Amateur baker with a passion for eating!
Okay, right, so now we’ve got that out of the way… hello!
You can probably guess what I’ve been making this week then: honeycomb! Basically, I’ve been watching Masterchef: The Professionals and one of the challenges was to make honeycomb decorations… and I was inspired!
It looked more difficult than it was I think. Essentially we made toffee and added bicarbonate of soda to it. It was more like a crazy science experiment than cooking!
Unfortunately, I forgot to take a photo of the crazy, foaming part, as the moment was just too exciting (okay, so maybe I should get out more…) but I will share the glorious finished product with you. Well, not in the “free tasters” sense, as unfortunately, that is not yet possible on the internet, although I hear Willy Wonka is currently working on it in his chocolate factory… *watch this space*
Okay, so this was after everything had been mixed together and dissolved and boiled and bicarb of soda-ed, but it doesn’t necessarily look too much like honeycomb… but I promise you: it will soon 🙂
But first, I guess I’d better give you the recipe and method, so you can try it for yourselves if you so choose:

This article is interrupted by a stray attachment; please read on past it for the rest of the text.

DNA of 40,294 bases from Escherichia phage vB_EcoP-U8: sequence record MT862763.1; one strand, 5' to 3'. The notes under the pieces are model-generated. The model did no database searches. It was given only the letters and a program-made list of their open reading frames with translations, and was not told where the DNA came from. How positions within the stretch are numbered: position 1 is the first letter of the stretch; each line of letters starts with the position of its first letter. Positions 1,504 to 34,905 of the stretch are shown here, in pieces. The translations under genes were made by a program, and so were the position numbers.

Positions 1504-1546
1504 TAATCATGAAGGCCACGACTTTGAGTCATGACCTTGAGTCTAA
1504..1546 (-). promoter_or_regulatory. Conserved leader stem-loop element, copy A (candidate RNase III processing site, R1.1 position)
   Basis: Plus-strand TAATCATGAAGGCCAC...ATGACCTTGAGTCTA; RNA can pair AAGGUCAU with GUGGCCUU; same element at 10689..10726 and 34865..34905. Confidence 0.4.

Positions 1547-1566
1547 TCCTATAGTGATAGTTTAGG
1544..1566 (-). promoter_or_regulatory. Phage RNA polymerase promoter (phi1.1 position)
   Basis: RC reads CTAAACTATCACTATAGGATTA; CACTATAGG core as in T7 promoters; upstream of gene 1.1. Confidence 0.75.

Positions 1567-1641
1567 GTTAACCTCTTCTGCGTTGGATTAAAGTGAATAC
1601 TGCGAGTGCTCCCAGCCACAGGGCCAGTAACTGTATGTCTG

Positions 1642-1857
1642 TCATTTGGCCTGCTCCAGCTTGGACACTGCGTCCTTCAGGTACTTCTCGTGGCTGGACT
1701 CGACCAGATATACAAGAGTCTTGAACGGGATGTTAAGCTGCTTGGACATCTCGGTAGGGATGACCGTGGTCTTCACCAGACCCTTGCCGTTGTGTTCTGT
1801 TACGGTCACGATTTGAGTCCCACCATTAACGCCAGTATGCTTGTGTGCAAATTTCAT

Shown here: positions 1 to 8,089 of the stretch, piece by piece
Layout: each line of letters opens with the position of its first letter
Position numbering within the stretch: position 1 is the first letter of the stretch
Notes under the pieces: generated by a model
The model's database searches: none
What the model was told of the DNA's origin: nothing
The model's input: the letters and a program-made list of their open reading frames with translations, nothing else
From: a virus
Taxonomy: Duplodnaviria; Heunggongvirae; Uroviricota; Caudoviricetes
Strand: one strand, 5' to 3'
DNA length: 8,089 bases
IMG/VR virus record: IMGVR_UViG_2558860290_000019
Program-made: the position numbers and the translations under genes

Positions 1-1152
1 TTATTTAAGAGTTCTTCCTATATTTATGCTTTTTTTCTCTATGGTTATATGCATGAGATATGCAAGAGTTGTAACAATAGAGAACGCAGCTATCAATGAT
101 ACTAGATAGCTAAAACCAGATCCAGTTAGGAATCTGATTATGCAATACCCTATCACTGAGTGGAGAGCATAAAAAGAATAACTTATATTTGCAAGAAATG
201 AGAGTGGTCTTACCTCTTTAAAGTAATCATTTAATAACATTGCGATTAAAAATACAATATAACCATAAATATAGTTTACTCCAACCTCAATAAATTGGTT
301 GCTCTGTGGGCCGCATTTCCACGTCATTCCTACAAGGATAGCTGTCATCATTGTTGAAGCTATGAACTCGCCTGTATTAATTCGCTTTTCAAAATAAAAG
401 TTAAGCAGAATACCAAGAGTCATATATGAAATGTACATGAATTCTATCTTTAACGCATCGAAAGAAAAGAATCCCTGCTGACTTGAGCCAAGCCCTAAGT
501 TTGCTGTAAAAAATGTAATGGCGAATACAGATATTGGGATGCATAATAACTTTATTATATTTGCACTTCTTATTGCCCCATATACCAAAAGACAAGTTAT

Honeycomb – recipe taken from Sonia Allison’s Sweets Book (published by Piatkus in 1983)
Ingredients (makes about 1 lb or 450 g)
4 oz (125 g) golden syrup
4 oz (125 g) clear honey
12 oz (350 g) granulated sugar
2 oz (50 g) butter
1 tsp vinegar (it doesn’t end up tasting at all vinegary, don’t worry!)
4 tbsp water
2 level tsp bicarbonate of soda
1) Measure out all the ingredients and wang everything apart from the bicarbonate of soda in a large pan (you don’t want honeycomb foaming out all over your kitchen like the porridge in the Magic Porridge Pot did…)
2) Put the pan over a low heat and keep stirring the mixture until the sugar dissolves and the mixture is completely smooth.
3) Bring the mixture to the boil and cover the pan for two minutes whilst everything bubbles and boils away.
4) Uncover the pan and continue to boil the mixture (resist the temptation to stir it!) for another 7 or 8 minutes. Basically the best way to tell if it’s ready is to drop a little of the mixture into a cup of cold water, and if it turns into hard and brittle threads then it’s done. If the threads are still bendy and don’t snap, cook the mixture a bit longer.
5) If you were to pour this mixture into a pan now, you would have a lovely traditional toffee… but who would want to miss out on adding the bicarbonate of soda?! Go on – whack it in & stir everything together as it goes all foamy and wonderful!
6) Pour the mixture into a buttered 8 inch (20 cm) tin, and wait till it cools and sets.
7) Smash up the honeycomb and enjoy! (The recipe instructs us to eat the honeycomb as quickly as possible so it doesn’t go sticky… but I don’t think there’s much risk of that happening in this house at least!)
Yes, yes, yes. I know it looks rather a lot like toffee. (And the toffee hammer doesn’t help either I suppose!)
Wonderful – I shall be handing this out to my friends and family now, so let’s hope they appreciate it!
I told my friend last night that I would give her some honeycomb if it turned out well… and more if it didn’t. She’s going to be getting less honeycomb, yes, but probably more enjoyment from it, so I guess it’s fair 😉
Till next time 🙂